Review of Connecticut's Community Based Medicaid Administrative by Breathe Carolina

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                    DEPARTMENT OF HEALTH & HUAN SERVICES
                    DEPARTMENT OF HEALTH & HUMANSERVICES                                    Office of Inspector General
                                                                                            Office    Inspector General


                                                                                            Washington, D.C. 20201
                                                                                            Washington, D.C. 20201





                                                   SEP
                                                   SEP -- 222009

                                                             2009

              TO: Charlene Frizzera
              TO:      Charlene Frizzera
                            Acting Administrator
                            cent;~Caid Services
                            Centers for Medicare & M icaid Services


                   ~hE. Vengrin
           FROM: ~~~
           FROM:
                 /;:;~~             Inspector General for Audit Services
                       / ;:;~~ Inspector General for Audit Services



                         Review Connecticut's Community Based Medicaid Administrative Claims
              SUBJECT: Review of of Connecticut's Community BasedMedicaid Administrative Claims for
                                                          (A-OI-08-00003)
                         State Fiscal Years 2005 and 2006 (A-01-08-00003)


                                          of
              Attached is an advance copy of our final report on community based Medicaid administrative costs
                                                      of                          agency)     State
              claimed by the Connecticut Department of Social Services (the State agency) for State fiscal years
              (FY) 2005 and 2006. We will issue this report to the State agency within 5 business days.
              (FY) 2005 and 2006. We wil issue this report to the State agency within 5 business days.

              The State agency, through contracts awarded by the Connecticut Department of Mental Health
                             agency, through contracts awarded by the Connecticut Deparment of
              and Addiction Services (DMHAS), purchases administrative case management activities from
                                                            mental health and related services. In State
              contracted organizations that provide mental health and related services. In State FY 2004, the
                               organizations that
              State agency began claiming Federal reimbursement for the costs ofthese activities on the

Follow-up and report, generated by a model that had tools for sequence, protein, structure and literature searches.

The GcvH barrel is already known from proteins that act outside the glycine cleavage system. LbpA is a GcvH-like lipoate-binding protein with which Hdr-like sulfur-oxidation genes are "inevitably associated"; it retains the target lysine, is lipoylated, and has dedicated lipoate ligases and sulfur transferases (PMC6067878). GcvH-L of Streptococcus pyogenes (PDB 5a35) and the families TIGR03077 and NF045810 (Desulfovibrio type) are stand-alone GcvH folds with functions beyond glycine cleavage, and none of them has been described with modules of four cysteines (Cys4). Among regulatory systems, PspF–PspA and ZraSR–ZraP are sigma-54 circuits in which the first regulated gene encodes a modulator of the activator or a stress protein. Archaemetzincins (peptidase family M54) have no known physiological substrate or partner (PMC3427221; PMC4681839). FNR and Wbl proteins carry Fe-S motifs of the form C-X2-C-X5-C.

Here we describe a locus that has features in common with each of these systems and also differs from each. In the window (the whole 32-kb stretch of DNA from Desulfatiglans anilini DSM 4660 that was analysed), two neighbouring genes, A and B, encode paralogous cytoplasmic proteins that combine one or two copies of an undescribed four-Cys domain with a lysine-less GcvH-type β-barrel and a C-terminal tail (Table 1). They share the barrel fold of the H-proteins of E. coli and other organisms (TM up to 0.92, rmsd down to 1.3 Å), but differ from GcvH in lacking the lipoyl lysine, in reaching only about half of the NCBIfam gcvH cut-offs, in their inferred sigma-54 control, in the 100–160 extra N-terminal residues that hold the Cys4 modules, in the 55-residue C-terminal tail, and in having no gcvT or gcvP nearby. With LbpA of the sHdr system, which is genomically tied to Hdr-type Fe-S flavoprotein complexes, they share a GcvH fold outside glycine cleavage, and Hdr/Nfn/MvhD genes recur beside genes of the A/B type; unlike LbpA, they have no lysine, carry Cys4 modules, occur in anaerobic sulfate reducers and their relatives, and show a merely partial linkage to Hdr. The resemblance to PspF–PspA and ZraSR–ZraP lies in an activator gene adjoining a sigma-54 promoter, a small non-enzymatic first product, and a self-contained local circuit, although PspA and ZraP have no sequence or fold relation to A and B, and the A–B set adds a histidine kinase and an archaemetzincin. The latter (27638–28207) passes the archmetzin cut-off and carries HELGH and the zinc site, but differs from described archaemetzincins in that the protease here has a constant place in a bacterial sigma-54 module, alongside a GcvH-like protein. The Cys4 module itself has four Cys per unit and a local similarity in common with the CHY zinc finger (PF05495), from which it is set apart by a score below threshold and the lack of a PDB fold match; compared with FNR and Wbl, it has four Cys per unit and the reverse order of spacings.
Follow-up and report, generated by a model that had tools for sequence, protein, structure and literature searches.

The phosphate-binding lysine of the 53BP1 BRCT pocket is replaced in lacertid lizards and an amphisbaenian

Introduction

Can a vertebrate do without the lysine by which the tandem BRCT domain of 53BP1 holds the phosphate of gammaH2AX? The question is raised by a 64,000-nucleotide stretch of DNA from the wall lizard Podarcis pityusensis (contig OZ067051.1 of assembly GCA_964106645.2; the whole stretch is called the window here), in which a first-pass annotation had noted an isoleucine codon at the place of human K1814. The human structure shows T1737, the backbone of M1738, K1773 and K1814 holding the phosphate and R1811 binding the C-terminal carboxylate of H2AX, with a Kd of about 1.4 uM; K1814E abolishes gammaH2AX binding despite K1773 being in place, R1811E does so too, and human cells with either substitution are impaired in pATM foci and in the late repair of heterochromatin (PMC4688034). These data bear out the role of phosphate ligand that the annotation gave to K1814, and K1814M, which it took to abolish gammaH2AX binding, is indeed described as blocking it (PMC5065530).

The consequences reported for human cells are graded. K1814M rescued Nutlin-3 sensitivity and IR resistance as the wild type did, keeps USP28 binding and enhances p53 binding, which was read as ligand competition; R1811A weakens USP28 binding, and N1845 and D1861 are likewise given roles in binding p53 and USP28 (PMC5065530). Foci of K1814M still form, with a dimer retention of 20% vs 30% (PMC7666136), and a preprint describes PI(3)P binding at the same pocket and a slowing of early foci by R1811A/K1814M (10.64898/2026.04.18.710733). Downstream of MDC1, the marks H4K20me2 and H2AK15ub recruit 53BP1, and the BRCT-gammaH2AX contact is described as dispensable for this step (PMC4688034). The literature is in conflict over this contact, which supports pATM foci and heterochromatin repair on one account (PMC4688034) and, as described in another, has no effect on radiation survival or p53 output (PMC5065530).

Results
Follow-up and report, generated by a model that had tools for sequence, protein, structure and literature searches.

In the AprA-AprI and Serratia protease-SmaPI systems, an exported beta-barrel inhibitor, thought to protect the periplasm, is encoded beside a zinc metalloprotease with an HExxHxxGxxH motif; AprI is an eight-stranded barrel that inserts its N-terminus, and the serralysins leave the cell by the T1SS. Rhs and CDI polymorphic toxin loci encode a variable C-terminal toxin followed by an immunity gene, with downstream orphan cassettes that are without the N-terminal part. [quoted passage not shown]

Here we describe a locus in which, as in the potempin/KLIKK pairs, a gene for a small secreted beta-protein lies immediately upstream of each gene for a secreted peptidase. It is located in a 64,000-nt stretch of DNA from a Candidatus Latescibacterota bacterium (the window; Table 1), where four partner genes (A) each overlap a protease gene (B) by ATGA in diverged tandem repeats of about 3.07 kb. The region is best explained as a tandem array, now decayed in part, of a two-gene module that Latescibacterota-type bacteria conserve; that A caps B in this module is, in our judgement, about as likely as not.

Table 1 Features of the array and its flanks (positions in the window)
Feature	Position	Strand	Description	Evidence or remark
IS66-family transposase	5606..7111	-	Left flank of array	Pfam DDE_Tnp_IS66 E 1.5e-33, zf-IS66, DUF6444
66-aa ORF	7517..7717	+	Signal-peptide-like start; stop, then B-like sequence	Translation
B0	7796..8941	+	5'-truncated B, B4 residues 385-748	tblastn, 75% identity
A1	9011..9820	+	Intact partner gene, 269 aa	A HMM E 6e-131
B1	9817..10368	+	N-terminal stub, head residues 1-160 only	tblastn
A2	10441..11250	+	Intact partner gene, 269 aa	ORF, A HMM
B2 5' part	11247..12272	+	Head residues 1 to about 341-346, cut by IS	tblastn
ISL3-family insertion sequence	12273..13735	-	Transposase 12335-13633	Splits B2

agency began claiming Federal reimbursement for the costs ofthese
              Centers for Medicare & Medicaid Services (CMS) Form CMS-64 through a process referred to
                          for                   &
              as the Community Based Medicaid Administrative Claim (CBMAC). To compute its CBMACs,
                  the Community Based Medicaid Administrative Claim (CBMAC).
                                                                   study (RMS) ofthe employee
                   State agency used a random moment timestudy (RMS) ofthe employee activities at the 80
              theState agency used a random moment time 

              the

              contracted organizations that provided these activities. The State agency claimed $19.8 million
              contracted organizations that provided these activities. The State agency claimed $19.8 milion
                                                         of                       State FYs 2005
              for Federal reimbursement of CBMAC-related costs during State FY s 2005 and 2006 based on
                   Federal
                   results
              theresults of 
 of this RMS.
              the




                                                                               for State FYs 2005 and
              Our objective was to determine whether the State agency's CBMACs for State FYs 2005 and
                  objective was to
              2006 complied with Federal requirements.
              2006

                                                have fully complied with Federal requirements.
              The State agency's CBMACs may not have fully complied with Federal requirements.
              The
              Specifically:

                  • The State agency's calculation ofthe CBMACs was based onthe Medicaid-allocable
                  . The State agency's calculation ofthe CBMACs was based on the Medicaid-allocable
                     costs incurred by the 80 contracted organizations ($161,480,735), which exceeded by
                     costs incurred by the 80 contracted organizations
                     $19 milion the total amount that DMHAS actually
                     $19 million the total amount that DMHAS actually paid to these contracted organizations
                     ($142,440,646) for both Medicaid and non-Medicaid services and activities. We were
                     ($142,440,646) for both Medicaid and non-Medicaid services and activities. We were
                     unable to determine the impact of overstating the cost base on the CBMACs because of
                     unable to determine the impact of overstating the cost base on the CBMACs because of
                     other errors in the calculation.
                     other errors in the
Page 2 – Charlene Frizzera


   •	 The documentation from the RMS was inadequate for us to determine whether the
      sampled administrative case management activities were allowable and whether they
      were provided to Medicaid applicants or eligibles.

   •	 The allocation method that the State agency used to identify and determine the amount of
      administrative case management activities contained deviations from acceptable